Opening Reception: Thursday, April 12th, 2018 | 5 - 7 pm

Geri Schrab The focus of her artwork is the study of petroglyphs and pictographs, images pecked, carved and painted on rock surfaces by the ancient indigenous people of North America. These original "rock art" images may not have been considered art at the time, but recordings of the stories, journeys, hunts and visions; in essence, the history of the original people. As those of us not indigenous have adopted this land, it is important to listen to this history and learn.

Geri’s creative process is to personally visit these ancient sacred sites, photograph or sketch on site; from these research materials she creates paintings in studio. Her paintings go directly from heart to brush to paper, with the rock art and nature as guides. It is her intention through this work to share her love of the ancients, the beauty of nature and this gentle healing energy with others. Geri will also be signing copies of her book Hidden Thunder: Rock Art of the Upper Midwest, co-authored with archaeologist Robert Boszhardt and published by the Wisconsin Historical Society Press.

April2018 Geri Schrab 2 EDIT
Geri Schrab

April2018 Geri Schrab 1 EDIT
Geri Schrab


Closer Encounters
July through September 2018
Opening Reception: Thursday, July 12th, 2018 | 5 - 7 pm

Steven Yeo Steven has professional training in natural history and biology and has worked as an aquatic biologist for over 30 years. He holds a viewpoint similar to that expressed by naturalists such as Leopold, Muir and Thoreau - a more emotional, transcendent perspective. With constructive montage images from Wisconsin natural areas, parks, trails, urban greenways and restoration areas (and sometimes from a microscope), his work explores our cognitive and emotional connection to our existence as part of the natural world.

Julie Raasch Julie can often be seen toting her camera wherever she goes, always in search of the next photographic opportunity. Her images ask: Have you ever stopped to check out the colors of the lichens that grow on the tree next to your home? What do you see in a flower during a rain shower? She likes to play with light, and find the best perspective to see how light interacts with her subject - from above, below, or at eye level. Julie hopes we take a few minutes to look a little closer and see nature at its finest.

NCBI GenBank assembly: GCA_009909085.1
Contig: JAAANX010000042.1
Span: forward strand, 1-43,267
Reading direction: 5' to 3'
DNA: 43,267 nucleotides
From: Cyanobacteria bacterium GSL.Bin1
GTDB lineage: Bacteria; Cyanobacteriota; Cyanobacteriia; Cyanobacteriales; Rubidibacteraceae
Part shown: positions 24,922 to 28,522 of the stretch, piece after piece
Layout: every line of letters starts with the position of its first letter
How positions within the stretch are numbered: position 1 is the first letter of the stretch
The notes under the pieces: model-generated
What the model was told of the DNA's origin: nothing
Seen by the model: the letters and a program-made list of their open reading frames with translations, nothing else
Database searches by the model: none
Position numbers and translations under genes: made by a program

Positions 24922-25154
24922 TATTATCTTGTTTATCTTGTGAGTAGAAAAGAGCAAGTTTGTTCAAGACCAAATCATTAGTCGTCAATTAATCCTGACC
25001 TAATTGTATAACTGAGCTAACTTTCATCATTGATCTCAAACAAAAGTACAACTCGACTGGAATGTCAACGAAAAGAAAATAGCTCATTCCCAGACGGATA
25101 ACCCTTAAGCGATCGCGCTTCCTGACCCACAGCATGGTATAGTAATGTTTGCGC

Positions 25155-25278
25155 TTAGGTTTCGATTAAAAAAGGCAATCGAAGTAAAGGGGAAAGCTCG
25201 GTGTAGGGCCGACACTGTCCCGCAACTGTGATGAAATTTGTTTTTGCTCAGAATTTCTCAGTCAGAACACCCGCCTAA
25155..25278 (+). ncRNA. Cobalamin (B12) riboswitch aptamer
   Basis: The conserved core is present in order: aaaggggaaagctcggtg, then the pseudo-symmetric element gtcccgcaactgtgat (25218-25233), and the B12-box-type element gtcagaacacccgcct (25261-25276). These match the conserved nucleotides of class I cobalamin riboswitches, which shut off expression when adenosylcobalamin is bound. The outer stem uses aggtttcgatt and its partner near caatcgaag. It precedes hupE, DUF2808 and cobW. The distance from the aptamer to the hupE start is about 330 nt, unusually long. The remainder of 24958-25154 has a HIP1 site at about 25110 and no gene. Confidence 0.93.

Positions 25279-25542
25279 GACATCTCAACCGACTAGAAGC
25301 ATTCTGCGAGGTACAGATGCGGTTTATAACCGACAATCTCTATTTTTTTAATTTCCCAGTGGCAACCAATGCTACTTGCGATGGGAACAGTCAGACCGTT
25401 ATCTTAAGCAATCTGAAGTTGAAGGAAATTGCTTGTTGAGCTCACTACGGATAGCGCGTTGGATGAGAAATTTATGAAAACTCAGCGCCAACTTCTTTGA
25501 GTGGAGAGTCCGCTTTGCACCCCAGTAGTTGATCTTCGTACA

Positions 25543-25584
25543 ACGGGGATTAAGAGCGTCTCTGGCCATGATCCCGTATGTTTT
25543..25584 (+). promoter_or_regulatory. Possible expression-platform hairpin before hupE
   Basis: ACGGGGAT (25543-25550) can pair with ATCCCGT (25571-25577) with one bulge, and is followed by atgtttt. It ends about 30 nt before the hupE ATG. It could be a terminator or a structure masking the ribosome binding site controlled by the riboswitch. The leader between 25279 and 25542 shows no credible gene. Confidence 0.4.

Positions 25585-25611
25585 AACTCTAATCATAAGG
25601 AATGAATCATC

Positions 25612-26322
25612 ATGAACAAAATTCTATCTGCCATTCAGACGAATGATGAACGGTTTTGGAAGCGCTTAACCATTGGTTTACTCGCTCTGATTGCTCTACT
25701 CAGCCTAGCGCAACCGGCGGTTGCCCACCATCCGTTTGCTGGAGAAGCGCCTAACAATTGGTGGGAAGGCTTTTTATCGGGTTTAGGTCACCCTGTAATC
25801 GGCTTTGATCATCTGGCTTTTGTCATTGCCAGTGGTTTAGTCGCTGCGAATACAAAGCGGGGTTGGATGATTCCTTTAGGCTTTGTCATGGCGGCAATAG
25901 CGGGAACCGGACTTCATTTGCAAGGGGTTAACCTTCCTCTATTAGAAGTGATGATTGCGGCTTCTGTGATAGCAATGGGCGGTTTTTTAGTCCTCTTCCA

2018Yeo1Steven Yeo

2018Yeo2Steven Yeo

2018Raasch1

Julie Raasch

2018Raasch2

Julie Raasch


Stories of Symbiosis and Synchronicity
October through December 2018
Opening Reception: Thursday, October 11th, 2018 | 5 - 7 pm

Melissa Courtney Melissa’s work is interdisciplinary in paint, print and textiles. She believes in connection: that as in nature, we all need each other to live. This series of abstract work is about pieces that need each other to “survive”, and feed off each other visually. She symbolizes things found in nature that are essential in symbiotic relationships; i.e., water, nests, roots and oxygen. Thick paint and short, deliberate brush strokes create a feeling of movement; in nature, something is always moving, evolving. Water rushing, wind blowing, life growing.

Marly Gisser Marly has always been drawn to old, patinated wooden surfaces, and finds materials in cast-off urban trash, recycled found items, and natural items such as pine needles, shells, stones, bark. The active searching for materials amidst discarded items aligns with the Urban Ecology Center’s tenet to recycle whenever possible. Putting these things together to create an assemblage often involves story-telling with the objects. This process of assembling seems one of synchronicity; where there is an intuitive feeling for what belongs together and what does not.